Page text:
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Monastic residence A

Monastic residence A, located south of the main church complex, was only partially excavated by the original Scriptorium team. The structure underwent several building phases. A central multi-roomed dwelling was adapted and expanded to accommodate more cells, prayer areas and cooking facilities. A prayer area and a double hall were added during the second phase of construction, and both contained the fragmentary remains of wall paintings with images of Christ and the saints, angels, and monks.1 The double room hall most closely parallels designs at Kellia where larger rooms were sometimes built to accommodate more guests as such sites increased in popularity as a places for pilgrimage. The painted fragments recovered from this room included one with an inscription identifying one face as that of Poemen, a well known desert father of Scetis.2 The ceramic material collected by the Scriptorium team extended from the Late Roman (early fourth century) to the Fatimid periods.3 The recovery of over forty complete amphorae from the late Byzantine and early Islamic periods demonstrates that the residence was occupied during the seventh to ninth centuries.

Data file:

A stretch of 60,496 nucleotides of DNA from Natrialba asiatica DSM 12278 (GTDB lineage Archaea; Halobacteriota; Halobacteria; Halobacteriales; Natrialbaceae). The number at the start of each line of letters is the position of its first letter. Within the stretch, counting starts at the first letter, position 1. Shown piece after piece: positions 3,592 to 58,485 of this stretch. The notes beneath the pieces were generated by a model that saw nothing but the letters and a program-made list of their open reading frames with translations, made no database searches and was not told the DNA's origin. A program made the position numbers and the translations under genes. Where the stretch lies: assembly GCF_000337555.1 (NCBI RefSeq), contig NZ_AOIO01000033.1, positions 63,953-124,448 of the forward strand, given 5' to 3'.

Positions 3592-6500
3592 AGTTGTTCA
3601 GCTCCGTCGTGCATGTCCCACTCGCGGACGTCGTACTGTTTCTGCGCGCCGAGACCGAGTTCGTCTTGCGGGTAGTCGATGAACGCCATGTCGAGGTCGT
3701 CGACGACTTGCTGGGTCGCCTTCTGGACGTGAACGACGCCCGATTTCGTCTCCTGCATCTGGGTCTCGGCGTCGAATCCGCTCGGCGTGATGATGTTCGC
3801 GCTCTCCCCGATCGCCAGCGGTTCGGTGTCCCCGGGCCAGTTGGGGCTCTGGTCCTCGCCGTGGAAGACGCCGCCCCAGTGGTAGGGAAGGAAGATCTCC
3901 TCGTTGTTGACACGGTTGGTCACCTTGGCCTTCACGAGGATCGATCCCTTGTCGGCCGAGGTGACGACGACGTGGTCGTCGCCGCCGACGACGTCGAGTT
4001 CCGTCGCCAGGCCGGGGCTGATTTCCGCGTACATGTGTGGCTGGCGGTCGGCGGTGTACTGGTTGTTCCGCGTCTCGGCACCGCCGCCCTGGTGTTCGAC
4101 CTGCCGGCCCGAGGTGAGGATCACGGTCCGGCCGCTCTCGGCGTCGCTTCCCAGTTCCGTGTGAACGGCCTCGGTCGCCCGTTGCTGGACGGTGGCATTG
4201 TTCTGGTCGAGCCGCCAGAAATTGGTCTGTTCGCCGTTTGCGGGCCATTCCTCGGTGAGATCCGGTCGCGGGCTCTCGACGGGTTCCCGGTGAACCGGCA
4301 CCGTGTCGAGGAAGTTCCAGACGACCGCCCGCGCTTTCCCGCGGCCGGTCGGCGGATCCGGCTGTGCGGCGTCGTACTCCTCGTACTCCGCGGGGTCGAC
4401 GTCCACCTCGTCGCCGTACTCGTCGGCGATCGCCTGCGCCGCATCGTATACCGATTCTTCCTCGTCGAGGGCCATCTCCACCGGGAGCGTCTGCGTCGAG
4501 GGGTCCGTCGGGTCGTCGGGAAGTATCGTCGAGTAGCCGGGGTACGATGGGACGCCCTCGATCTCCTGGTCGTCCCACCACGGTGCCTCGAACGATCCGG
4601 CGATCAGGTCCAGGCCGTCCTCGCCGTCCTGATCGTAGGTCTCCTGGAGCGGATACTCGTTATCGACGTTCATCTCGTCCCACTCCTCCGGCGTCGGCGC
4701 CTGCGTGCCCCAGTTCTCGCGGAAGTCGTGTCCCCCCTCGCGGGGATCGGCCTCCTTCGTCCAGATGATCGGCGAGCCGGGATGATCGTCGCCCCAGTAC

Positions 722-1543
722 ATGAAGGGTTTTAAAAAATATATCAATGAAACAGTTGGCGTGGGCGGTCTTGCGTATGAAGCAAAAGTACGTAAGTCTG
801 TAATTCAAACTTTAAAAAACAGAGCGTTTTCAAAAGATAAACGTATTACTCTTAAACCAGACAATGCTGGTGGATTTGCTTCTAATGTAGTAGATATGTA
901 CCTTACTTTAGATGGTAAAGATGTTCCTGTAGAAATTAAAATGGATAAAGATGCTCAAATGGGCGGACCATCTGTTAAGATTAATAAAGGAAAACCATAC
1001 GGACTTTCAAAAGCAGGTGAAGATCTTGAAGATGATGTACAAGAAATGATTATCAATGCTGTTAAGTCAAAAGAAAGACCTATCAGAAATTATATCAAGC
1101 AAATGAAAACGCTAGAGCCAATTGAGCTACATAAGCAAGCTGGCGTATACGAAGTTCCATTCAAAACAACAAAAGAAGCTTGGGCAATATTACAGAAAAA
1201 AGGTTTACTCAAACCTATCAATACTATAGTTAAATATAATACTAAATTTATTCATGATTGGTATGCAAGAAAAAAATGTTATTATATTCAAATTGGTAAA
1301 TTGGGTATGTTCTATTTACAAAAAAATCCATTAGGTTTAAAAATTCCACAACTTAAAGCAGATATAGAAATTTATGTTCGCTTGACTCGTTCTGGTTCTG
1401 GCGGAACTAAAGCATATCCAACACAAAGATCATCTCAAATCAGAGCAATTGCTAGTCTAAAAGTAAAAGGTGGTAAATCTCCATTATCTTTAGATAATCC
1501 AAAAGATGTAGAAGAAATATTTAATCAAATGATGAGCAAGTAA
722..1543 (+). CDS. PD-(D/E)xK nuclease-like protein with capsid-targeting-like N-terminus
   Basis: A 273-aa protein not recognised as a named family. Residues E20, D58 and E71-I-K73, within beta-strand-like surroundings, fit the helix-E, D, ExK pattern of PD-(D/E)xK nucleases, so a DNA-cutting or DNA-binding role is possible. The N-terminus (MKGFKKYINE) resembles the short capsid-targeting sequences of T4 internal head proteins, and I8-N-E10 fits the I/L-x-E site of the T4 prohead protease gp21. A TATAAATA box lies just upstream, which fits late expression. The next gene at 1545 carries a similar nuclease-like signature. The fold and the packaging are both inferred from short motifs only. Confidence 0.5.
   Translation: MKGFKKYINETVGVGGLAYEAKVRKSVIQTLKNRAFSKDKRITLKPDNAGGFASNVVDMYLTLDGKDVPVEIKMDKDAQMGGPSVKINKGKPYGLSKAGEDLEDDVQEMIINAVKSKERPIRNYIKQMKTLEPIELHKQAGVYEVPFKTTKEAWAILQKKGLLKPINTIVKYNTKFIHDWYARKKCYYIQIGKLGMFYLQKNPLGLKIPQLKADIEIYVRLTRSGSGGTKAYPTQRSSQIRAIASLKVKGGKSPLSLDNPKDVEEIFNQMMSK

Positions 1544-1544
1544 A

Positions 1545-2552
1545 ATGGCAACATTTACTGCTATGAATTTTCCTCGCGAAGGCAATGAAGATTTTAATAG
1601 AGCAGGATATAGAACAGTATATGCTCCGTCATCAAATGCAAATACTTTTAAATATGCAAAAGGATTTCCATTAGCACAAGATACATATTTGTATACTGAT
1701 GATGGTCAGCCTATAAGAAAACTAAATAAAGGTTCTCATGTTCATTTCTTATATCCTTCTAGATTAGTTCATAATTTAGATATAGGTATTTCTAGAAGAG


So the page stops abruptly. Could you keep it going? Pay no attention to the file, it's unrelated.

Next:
Photos fram excavation

Upper left: A room in monastic residence A, with pottery remains in situ, at the time of excavation. Upper right: A latrine in monastic residence A. Lower left: Detail of latrine, with seat made of petrified wood. Lower right: Wall painting fragments showing the figure of a saint.

 

1 Bastiaan Van Elderen, “Preliminary Report-Wadi Natrun Excavations: 1995 Season,” submitted to the Supreme Council of Antiquities, 27 March 1995, and personal observation by Darlene Brooks Hedstrom in 1995; Reagan Wicks, “Supervisor’s Report for Area AB,” submitted to the Wadi Natrun Excavations, April 1996.

2 Elizabeth Bolman, “Preliminary Report on the Wall Paintings at John the Little,” submitted to the Wadi Natrun Excavations, April 1996.

3 Some glazeware was identified in the field as Mamluk in 1996. Darlene Brooks Hedstrom’s research into the diagnostic potsherds has led her to revise these attributions and consider the pieces as examples of Fayyumi ware, an early glazed type that dates from 850 to 1150 (the Fatimid period). For a detailed discussion see G. Scanlon, “Fayyumi Pottery: A Long-lived Misnomer in Egyptian Islamic Ceramics. Type I,” Bulletin de la Société archéologie d’Alexandrie 45 (1993), 295–330.